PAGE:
What We Learned in 2015

We learned a whole lot in 2015, and we’ll even be kind enough to share

It’s that time of the year again where we do a complete evaluation of how well we’ve done over the year, what we’re going to carry over forward to 2016, and what we just shouldn’t have done.

From content marketing ideas, to cutting back the amount of meetings we had, to incorporating a company-wide morale boost campaign, 2015 was the most inventive year for us as a team.

The Good


When it came to marketing to and for lawyers, we learned so much. Just because you’re a lawyer, you aren’t granted access to the entire ins and outs of Marketing for Lawyers 101. In fact, you’ll probably struggle a lot because you have to literally think outside the box, and do an outwards-looking-in kind of thing when trying to pitch to people on the same side as you.

  1. Fellow lawyers love to read content both legal AND non-legal. The best way to market your practice is by showing that not only are you adept at certain practice areas, but that you’re also tech-savvy and are keeping up with the times. Showcase third-party articles, news, and trends. Trends, now that’s something lawyers love- whether it’s in legal fashion, or legal technology.
  2. Never underestimate the power of a content marketing strategy. It seems like the most basic thing (which it is), which is also misleading. You’ll realize how much you need this when you don’t have it. Keep it simple. Maybe you’ll post 2 in-house blog articles, share 3–4 third-party content, and probably 1 advertisement a week. Whatever you do, detail it. Detail it all, there’s really nothing worse than having NOT published that seemingly boring article.

Tools of the Trade

Along the course of the year (2015) we came across a few really handy marketing tools that really made our lives a whole lot easier.

  1. Buffer– for the most seamless way to collect, share, and even schedule content. We’re a bit sad they did away with their content suggestions, though.
  2. DrumUp– talking about content suggestions, this nifty tool is basically your content hounddog. You tell it what you’re interested in, it scours the Internet for the most relevant stuff, and shares it with you.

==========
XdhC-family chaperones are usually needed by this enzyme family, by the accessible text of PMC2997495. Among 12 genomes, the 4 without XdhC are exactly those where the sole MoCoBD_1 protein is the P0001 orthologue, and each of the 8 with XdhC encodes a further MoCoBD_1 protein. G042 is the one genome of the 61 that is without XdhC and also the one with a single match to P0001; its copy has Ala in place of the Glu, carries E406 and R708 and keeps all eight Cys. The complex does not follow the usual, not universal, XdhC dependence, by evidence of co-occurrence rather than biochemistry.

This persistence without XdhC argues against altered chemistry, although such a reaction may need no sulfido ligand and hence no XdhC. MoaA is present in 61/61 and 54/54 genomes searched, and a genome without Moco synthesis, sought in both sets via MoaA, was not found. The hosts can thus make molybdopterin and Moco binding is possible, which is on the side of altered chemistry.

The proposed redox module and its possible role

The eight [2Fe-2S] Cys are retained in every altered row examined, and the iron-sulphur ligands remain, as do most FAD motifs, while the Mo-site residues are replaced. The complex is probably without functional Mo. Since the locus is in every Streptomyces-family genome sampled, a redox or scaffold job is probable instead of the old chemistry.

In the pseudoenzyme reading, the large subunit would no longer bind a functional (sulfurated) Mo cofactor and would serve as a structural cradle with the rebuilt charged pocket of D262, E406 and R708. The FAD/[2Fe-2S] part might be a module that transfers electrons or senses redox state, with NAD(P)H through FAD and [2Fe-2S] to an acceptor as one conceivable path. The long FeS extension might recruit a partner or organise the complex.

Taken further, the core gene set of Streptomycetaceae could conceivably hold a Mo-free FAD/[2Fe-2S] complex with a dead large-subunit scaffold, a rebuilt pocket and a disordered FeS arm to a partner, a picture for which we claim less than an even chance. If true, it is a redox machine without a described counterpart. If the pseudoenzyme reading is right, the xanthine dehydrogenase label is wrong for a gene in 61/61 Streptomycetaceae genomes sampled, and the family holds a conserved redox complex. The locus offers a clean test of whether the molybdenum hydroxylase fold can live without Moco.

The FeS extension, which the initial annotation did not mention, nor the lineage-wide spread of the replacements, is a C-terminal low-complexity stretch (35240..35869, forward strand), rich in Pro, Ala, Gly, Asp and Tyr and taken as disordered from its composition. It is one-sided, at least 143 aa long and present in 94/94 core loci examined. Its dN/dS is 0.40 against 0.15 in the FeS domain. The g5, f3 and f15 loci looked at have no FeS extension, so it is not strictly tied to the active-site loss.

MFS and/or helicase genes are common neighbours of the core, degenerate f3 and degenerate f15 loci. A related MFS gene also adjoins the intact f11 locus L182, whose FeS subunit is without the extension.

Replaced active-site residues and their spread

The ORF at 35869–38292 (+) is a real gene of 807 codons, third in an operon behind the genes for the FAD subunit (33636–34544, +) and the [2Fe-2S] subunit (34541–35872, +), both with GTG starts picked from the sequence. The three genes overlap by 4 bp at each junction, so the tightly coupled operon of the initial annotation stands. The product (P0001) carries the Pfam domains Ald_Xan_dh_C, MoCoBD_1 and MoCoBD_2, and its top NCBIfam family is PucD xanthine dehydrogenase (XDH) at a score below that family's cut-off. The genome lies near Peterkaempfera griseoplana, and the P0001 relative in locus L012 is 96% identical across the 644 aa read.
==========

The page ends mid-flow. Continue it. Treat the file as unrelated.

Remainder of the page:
3. bit.ly– when you need to make it short. Twitter has a character limit that’s annoying if you’re trying to share a huge link (which is like 86% of all URLs), so that’s where bit.ly steps in.

The Bad

Efforts are sometimes made in vain, but all isn’t lost. Every mistake is a way to grow and learn, even though you’re probably up to your neck in guilt, and despair.

  1. Cutting back on the amount of content we created everyday down to just the most relevant ones. Stuff that we felt our target audience would be most interested in. Did we feel anything about having created so much content that would never be reused again? Of course we did, but we decided that instead of trashing ideas, we’d shelve them, and use them at a more opportune time.
  2. Not every new venture is going to get off the ground. In fact, it might get buried as soon as it’s out. Whatever you feel, don’t let it be a dampener on how you guys feel as a team. There were several exciting new ventures that we followed with a great deal of enthusiasm, only to be relieved it never happened.

The Ugly

-To be continued in Part 2 of this article!-

Happy 2016 folks! Use one, some, or all of the insights we’ve shared for making your law practice or corporate counsel department awesome.